10. I am sorry John, but I think you will find that is not correct. You pay EITHER Import Duty on non EU Goods or VAT on goods from the EU. You do not pay "both". It just so happens that the VAT rate - for goods from the EU and Import Duty for goods from the ROTW arriving into the Uk coincide at +/- 20%. Goods purchased from the EU should be '0' rated by the EU seller to allow for the 20%VAT, charged on import into the Uk. The same applies to goods exported to the EU from the Uk, ie. they should be '0' rated on export and VAT charged at the National rate, which varies between ( around ) 19% & 27% for various EU countries. There is no VAT on goods privately imported from the USA. There are two issues with purchase of goods 'online' from the EU where 'some' sellers are registered to pay VAT to the Uk and there is an issue with items purchased from Ebay in Europe where they charge VAT 'on-line' at the point of purchase and are supposed to pay it to the Uk exchequer. In both instances, that should '0' rate the item when it comes through Customs, but Customs are in some cases charging the VAT again, but that is liable to challenge with evidence that the VAT has been paid and it being claimed back. That is a double charging of VAT, but not Import Duty AND VAT.
  11. Whilst this is - on the one hand true, it's not a "steep Import charge", per se, it's Duty at the same rate as VAT....same as you would have to pay on the instrument if bought from a business in the Uk or if you bought anything else into the country that was due 'tax'? The "charge/Duty/Tax", call it what you will is calculated by virtue of a % rate ie. the 20%VAT/ID rate against the "declared" purchase price.....ie. that price declared for the purpose by the seller on the Customs Form CN23. It also - unfortunately - includes a 20% charge on the carriage costs. That all adds up, especially with the potential Insurance cover also being adjusted to whatever the 'declared' price is too. I have a feeling that in the USA - for commercial sellers at least, there is a 'Federal' law issue around under declaring value so as to "manage" the tax charge for buyers at the receiving end? Probably all started with 'tea'! Whether that applies to 'private' sales, I don't know, but whether it does or not, for those who are not risk averse, import into the Uk at a 'declared' value will only ever create a charge of 20% of goods + carriage. Who is to say what an "old Squeezebox" is really worth.....you cant wear it or eat it.....It's RRP back in the day when it was made was only a few £'s. As long as seller and buyer are happy with whatever £/$/€ has been exchanged and the risks are accepted by the buyer if insurance value is under-stated, it doesn't have to be a huge sum or a 'shock' on arrival. They are not likely to "lose" a parcel the size of a concertina and if it is packed to be 'bomb-proof' personally, I would 'compensate' ( at least ) the 20% into the value declaration. Truth is I'd probably compensate 75% in !! but that's just me. Many (most?) insurers only cover for 'loss' anyway on musical instruments rather than damage.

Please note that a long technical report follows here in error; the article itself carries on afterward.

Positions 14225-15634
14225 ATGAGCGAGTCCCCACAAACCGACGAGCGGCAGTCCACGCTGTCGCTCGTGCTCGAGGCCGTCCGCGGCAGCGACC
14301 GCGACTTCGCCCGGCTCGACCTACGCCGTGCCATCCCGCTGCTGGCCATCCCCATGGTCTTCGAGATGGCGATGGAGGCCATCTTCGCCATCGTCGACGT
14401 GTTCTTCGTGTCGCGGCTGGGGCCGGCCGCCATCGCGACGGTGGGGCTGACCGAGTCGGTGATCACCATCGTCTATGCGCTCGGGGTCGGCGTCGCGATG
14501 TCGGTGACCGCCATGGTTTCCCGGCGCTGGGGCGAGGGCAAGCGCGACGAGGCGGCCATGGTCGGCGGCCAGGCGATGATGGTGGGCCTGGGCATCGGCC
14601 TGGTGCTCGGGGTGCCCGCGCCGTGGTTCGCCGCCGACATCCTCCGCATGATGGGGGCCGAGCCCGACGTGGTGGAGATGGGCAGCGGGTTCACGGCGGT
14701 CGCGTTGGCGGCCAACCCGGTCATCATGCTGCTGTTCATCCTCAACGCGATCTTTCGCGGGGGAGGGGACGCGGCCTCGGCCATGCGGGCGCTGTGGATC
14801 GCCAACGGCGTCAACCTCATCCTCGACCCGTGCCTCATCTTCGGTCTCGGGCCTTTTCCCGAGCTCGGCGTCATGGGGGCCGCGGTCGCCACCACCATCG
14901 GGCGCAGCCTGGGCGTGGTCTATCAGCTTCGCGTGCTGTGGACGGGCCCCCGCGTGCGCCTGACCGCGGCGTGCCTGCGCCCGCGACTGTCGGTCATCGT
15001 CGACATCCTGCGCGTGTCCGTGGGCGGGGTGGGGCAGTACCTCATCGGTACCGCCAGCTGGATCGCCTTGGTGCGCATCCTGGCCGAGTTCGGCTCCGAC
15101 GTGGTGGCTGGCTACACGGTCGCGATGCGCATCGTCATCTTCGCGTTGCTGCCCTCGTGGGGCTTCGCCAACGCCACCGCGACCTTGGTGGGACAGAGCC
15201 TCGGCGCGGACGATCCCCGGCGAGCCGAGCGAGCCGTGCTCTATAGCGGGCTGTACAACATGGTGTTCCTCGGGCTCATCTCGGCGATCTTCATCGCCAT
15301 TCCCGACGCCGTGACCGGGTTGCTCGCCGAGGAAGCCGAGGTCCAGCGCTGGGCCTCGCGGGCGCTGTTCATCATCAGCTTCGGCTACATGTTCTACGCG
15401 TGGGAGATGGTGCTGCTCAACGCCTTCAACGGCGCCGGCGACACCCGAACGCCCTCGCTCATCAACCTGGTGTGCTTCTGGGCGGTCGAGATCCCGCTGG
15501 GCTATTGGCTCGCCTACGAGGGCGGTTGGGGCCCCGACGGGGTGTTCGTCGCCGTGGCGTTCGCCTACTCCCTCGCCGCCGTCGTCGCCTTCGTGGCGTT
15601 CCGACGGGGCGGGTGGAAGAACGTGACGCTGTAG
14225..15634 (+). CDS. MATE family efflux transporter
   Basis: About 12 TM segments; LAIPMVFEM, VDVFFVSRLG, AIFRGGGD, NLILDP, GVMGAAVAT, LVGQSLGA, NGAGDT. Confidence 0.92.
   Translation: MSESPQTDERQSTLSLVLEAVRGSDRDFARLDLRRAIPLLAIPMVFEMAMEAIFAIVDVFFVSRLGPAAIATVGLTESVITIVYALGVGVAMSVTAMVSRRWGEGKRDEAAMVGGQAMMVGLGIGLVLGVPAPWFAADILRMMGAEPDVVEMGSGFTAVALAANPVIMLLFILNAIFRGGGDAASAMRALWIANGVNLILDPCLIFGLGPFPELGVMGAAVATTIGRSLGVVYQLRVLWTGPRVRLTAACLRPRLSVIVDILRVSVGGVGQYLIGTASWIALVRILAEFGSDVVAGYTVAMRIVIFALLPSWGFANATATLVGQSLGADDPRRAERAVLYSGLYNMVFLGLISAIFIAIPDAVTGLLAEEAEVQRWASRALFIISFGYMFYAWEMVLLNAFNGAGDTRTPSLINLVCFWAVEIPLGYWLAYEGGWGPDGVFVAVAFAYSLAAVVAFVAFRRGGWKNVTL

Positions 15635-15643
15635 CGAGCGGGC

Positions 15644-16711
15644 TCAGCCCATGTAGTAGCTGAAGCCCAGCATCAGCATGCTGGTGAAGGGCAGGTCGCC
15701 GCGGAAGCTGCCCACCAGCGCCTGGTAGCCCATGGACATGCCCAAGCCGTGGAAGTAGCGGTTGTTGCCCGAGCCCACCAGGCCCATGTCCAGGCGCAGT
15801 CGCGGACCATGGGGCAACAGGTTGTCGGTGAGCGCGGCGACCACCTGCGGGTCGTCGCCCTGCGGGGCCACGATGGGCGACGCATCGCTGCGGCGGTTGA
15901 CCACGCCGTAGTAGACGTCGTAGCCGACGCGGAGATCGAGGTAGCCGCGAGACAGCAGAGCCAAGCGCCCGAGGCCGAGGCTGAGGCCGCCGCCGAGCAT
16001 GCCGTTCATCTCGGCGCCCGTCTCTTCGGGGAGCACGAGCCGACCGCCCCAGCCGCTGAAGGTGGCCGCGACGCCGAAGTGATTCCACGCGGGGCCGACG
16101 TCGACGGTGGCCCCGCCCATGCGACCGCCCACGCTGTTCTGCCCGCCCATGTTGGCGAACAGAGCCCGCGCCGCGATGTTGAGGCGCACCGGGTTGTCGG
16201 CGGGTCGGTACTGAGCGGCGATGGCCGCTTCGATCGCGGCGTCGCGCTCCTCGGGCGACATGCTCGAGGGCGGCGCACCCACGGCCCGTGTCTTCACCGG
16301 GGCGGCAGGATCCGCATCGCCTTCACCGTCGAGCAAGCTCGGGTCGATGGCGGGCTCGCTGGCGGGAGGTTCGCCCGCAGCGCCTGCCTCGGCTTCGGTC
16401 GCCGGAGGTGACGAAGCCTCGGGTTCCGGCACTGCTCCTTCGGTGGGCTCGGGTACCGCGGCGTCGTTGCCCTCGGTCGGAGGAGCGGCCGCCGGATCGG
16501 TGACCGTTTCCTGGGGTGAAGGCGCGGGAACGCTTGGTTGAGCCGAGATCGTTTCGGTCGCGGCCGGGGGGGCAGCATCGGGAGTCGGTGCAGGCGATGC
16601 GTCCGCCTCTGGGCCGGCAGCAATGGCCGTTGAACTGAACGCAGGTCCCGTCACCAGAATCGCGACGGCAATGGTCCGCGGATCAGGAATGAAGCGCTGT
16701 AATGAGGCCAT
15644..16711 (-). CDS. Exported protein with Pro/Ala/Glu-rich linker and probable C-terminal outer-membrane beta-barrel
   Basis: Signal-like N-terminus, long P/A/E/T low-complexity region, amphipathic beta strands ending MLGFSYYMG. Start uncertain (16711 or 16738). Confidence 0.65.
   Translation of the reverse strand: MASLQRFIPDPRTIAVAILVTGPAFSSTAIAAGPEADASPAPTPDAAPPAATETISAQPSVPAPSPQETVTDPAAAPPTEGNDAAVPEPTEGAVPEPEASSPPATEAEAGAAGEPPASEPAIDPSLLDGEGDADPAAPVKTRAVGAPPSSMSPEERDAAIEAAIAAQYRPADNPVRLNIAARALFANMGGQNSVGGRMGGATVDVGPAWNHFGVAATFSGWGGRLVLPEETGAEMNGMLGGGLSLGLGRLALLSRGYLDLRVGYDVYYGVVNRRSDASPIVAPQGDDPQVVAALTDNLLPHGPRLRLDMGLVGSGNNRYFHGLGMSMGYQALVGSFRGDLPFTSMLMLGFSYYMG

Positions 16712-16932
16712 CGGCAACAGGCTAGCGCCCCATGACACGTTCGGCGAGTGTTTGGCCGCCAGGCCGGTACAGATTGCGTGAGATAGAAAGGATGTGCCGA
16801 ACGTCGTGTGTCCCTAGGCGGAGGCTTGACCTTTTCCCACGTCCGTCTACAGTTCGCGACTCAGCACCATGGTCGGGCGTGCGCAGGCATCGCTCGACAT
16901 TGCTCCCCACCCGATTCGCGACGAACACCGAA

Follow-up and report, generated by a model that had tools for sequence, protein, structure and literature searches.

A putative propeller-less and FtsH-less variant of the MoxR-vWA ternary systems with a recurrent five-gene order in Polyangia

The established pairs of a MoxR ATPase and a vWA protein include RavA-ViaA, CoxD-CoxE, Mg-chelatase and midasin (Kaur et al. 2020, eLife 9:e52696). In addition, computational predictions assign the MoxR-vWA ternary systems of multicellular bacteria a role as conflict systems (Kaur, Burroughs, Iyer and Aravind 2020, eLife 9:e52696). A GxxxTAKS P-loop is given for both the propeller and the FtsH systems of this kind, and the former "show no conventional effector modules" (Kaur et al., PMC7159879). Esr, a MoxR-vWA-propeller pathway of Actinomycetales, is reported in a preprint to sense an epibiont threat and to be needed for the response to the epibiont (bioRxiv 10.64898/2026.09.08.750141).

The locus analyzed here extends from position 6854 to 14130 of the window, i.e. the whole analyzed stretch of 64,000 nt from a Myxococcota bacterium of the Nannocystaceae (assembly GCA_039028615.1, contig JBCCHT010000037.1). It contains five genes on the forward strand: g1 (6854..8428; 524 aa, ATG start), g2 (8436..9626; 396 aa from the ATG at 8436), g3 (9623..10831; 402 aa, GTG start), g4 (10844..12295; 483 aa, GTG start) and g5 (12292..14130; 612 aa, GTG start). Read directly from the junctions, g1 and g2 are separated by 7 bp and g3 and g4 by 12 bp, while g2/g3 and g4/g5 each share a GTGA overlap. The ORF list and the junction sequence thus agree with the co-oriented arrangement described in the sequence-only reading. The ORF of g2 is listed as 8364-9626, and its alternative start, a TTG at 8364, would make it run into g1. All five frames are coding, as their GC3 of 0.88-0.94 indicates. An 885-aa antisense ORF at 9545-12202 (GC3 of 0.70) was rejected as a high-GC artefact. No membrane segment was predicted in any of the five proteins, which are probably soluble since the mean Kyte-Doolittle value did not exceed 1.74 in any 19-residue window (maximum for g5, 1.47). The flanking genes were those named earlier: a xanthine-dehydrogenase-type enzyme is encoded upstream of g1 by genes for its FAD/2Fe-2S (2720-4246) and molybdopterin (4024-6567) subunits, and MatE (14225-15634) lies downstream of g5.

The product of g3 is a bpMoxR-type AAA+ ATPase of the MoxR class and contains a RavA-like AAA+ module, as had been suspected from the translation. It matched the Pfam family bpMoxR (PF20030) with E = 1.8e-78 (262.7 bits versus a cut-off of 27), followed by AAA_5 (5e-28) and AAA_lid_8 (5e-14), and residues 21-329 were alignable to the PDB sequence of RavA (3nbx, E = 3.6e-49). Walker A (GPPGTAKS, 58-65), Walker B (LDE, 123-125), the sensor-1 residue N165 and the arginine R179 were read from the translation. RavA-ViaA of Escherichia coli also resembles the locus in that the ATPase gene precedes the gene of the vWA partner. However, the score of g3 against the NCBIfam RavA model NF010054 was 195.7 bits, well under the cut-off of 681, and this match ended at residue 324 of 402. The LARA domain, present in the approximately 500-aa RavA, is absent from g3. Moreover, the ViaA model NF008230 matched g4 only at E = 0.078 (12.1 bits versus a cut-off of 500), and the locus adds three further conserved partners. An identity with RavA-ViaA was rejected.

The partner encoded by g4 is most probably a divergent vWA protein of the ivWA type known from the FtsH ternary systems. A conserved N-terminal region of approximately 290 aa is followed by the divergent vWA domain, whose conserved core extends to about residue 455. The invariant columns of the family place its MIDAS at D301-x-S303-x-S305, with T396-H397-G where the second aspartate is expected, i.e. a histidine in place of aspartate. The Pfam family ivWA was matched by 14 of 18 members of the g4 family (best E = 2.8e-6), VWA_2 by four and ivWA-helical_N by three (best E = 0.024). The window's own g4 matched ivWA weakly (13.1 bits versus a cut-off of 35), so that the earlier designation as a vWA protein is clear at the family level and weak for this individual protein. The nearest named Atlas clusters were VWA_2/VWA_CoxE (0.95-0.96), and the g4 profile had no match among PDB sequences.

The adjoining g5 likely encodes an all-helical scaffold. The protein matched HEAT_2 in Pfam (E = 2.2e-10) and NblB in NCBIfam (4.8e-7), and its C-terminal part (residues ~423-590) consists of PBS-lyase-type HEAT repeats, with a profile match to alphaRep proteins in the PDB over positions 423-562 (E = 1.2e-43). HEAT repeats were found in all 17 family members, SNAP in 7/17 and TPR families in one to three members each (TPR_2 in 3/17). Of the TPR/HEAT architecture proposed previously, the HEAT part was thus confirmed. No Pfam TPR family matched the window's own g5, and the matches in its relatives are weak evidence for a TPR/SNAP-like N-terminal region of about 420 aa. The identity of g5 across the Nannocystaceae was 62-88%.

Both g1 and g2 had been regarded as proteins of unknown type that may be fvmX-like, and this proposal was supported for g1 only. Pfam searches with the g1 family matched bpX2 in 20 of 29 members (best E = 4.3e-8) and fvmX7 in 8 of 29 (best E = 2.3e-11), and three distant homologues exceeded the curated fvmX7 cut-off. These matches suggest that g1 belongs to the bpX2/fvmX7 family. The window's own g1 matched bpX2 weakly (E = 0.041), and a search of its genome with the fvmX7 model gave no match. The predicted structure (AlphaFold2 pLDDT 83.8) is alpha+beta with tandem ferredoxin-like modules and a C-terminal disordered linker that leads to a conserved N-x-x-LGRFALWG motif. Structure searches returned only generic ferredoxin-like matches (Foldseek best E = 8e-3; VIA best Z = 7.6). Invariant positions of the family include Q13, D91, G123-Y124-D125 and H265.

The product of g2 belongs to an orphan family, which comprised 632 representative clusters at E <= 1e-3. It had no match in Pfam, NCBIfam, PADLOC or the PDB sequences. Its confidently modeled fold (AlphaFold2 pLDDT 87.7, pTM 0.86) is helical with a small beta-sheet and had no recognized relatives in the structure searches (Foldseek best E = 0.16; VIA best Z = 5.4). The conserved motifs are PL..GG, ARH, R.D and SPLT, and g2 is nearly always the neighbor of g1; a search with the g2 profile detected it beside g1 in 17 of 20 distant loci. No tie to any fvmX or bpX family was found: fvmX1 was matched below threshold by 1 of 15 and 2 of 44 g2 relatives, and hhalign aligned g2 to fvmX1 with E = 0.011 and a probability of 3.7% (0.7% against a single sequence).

12. Could you advise/confirm on a Lachenal made, 32k ( all note reeds / no whistles, duck calls etc ); full width, fairly simple fret pattern metal ends, 5 fold bellows, steel reeds with bone buttons, ser. no. 104785. A relatively 'close' number previously advised as being from April 1888? but may have been subject to revision. Tia.